MoH Research Priorities Agenda did not include Chagas disease, regrets Dr. Pedro Tauil

Publicação: 4 de February de 2019

To avoid the return of household transmission of Chagas Disease it is necessary to keep entomological surveillance in the previously endemic area and researches to prevent the eventual return of transmission. Also, new effective control measures for oral transmission should be investigated

Scientific and technological research in health is an indispensable component for enhancement actions in the population’s health promotion, protection and recovery

The Science and Technology Department (Decit/SCTIE/MS) published in January the National Agenda of Priorities in Health Research (NAPHR). The document intends to align the current health priorities to the scientific, technological and innovation research activities and guide the available resourced to invest in strategic research fields. The construction of a system for science, technology and innovation for health and the definition of the research priorities have contributed to the strengthening of the Unified Health System (SUS), through the incorporation of new knowledges and technologies.

The epidemiologist and professor of the Center for Tropical Medicine at the University of Brasília (UnB), Professor Emeritus Dr. Pedro Tauil, says the NAPHR is broad and approaches most of the problems currently faced by health services in Brazil. However, he notes that, for example, in relation to Chagas disease, in which Brazil was responsible for 70% of the world’s deaths in 2017, the Agenda left unnoticed. “We are living the risk of returning household transmission and the need to control oral transmission, because contaminated food, exists. I think research is needed to prevent the return of household transmission and to control oral transmission of the disease”, he warned.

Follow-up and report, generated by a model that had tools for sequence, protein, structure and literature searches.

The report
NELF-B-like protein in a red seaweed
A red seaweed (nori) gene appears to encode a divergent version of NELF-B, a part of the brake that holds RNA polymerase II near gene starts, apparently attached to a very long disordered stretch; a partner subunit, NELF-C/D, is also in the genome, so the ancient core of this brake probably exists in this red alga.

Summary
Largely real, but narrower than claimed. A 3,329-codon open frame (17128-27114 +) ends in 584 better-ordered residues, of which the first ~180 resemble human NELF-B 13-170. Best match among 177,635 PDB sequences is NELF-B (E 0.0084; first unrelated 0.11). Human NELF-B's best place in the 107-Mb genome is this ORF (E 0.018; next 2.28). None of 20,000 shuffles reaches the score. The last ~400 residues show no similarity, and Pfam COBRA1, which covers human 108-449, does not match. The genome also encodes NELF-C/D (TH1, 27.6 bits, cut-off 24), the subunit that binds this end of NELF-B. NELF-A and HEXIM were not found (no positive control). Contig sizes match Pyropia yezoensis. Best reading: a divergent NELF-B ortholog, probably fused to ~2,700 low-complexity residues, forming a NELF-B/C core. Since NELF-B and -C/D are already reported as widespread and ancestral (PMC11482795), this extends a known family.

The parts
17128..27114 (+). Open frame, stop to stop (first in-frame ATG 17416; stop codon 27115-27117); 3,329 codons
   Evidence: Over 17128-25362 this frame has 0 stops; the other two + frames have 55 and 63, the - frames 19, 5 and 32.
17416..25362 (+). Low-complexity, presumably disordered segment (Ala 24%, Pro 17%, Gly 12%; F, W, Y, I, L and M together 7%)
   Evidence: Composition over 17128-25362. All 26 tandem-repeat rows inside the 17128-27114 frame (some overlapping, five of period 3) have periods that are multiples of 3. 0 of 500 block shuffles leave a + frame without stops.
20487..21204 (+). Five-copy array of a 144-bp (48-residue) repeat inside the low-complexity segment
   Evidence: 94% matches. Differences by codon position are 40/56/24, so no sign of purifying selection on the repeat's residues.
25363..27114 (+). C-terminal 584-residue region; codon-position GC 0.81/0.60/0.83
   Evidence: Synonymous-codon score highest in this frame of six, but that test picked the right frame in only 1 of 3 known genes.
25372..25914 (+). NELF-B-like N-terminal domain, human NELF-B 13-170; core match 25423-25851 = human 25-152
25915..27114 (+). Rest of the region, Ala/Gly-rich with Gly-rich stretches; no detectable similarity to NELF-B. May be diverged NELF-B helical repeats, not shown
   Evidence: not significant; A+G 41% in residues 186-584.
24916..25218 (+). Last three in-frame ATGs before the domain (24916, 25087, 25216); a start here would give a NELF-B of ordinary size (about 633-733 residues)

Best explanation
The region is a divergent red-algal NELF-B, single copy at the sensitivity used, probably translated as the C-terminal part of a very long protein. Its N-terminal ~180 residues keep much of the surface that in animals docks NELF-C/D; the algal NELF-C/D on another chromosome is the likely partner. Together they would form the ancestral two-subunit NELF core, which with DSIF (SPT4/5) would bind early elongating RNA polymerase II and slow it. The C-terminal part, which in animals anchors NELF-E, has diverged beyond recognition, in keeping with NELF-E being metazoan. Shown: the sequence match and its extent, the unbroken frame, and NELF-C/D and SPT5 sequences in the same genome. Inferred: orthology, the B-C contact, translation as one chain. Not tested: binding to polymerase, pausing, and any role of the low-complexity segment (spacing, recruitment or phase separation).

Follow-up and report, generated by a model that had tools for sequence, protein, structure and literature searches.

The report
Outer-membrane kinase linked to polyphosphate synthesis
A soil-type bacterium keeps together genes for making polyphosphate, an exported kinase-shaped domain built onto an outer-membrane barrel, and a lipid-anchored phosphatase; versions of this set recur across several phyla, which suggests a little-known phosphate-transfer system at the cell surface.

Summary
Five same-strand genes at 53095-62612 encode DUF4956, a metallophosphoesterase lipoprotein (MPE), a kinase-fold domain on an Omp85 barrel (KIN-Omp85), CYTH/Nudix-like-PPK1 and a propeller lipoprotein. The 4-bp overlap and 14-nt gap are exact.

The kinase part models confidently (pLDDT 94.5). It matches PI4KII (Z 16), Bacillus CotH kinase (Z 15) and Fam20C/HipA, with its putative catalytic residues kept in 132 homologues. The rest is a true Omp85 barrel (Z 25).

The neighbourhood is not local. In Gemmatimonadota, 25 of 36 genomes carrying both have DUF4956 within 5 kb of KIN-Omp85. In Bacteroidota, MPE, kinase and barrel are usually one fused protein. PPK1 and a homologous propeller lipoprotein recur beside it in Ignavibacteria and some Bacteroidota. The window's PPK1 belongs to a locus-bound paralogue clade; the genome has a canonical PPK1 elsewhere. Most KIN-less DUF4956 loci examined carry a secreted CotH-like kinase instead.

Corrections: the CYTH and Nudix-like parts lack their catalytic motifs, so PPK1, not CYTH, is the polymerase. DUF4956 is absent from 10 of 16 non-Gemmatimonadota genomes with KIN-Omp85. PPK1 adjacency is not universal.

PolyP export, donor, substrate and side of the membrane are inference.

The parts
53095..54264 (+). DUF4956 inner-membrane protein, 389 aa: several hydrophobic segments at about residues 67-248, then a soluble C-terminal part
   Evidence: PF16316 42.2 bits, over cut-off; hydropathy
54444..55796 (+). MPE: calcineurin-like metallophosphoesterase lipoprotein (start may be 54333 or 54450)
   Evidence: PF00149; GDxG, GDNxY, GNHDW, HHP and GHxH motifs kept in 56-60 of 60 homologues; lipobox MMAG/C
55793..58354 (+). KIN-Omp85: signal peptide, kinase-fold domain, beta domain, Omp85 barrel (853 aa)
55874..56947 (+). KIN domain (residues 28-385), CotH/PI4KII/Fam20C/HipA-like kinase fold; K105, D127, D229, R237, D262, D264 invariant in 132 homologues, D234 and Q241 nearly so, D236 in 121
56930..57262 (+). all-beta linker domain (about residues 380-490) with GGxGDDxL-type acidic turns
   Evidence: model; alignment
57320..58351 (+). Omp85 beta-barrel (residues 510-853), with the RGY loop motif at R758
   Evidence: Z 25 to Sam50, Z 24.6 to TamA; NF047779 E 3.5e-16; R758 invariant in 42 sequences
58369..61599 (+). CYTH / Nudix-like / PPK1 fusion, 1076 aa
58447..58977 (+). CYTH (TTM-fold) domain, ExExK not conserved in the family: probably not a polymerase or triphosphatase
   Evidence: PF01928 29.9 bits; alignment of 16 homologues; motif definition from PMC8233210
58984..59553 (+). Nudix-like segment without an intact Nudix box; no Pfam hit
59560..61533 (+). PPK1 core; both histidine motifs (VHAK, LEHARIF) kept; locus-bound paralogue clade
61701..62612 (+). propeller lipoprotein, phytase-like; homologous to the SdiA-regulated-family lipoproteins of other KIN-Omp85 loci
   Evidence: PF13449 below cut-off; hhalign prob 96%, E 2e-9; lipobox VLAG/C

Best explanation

Asked about what to expect from the NAPHR for researches on neglected diseases, when for example, in 2017, Brazil registered almost half of all new dengue cases in Latin America and the Caribbean; accounted for 70% of the deaths in the world by Chagas Disease and contributed with 93% of the new leprosy cases in the Americas, with almost 66 thousand cases in 2017, the Science, Technology and Strategic Inputs of the Ministry of Health, Denizar Vianna de Araujo, said that Brazil, as big as it is and holding almost 40% of the Latin American population, will concentrate, in absolute numbers, a high incidence of cases in epidemic events. “In this context, research on dengue, leprosy, Chagas’ disease and other neglected diseases will remain to be considered priority themes in the various axes of NAPHR These issues can be financed through public notices, which will be launched by the Ministry of Health in the upcoming years”, he clarifies.

According to a report published in late January by G-Finder, an international body that analyses data of research investments in the development of health products of over 200 private, public and philanthropic organizations, the Ministry of Health is one of the world’s top 12 funders for dengue research. Still according to the report, the MoH, by the Science, Technology and Strategic Inputs Secretariat, was the fourth largest funder of studies related to the control of vectors linked to neglected diseases.

Public resources and expenditures cutbacks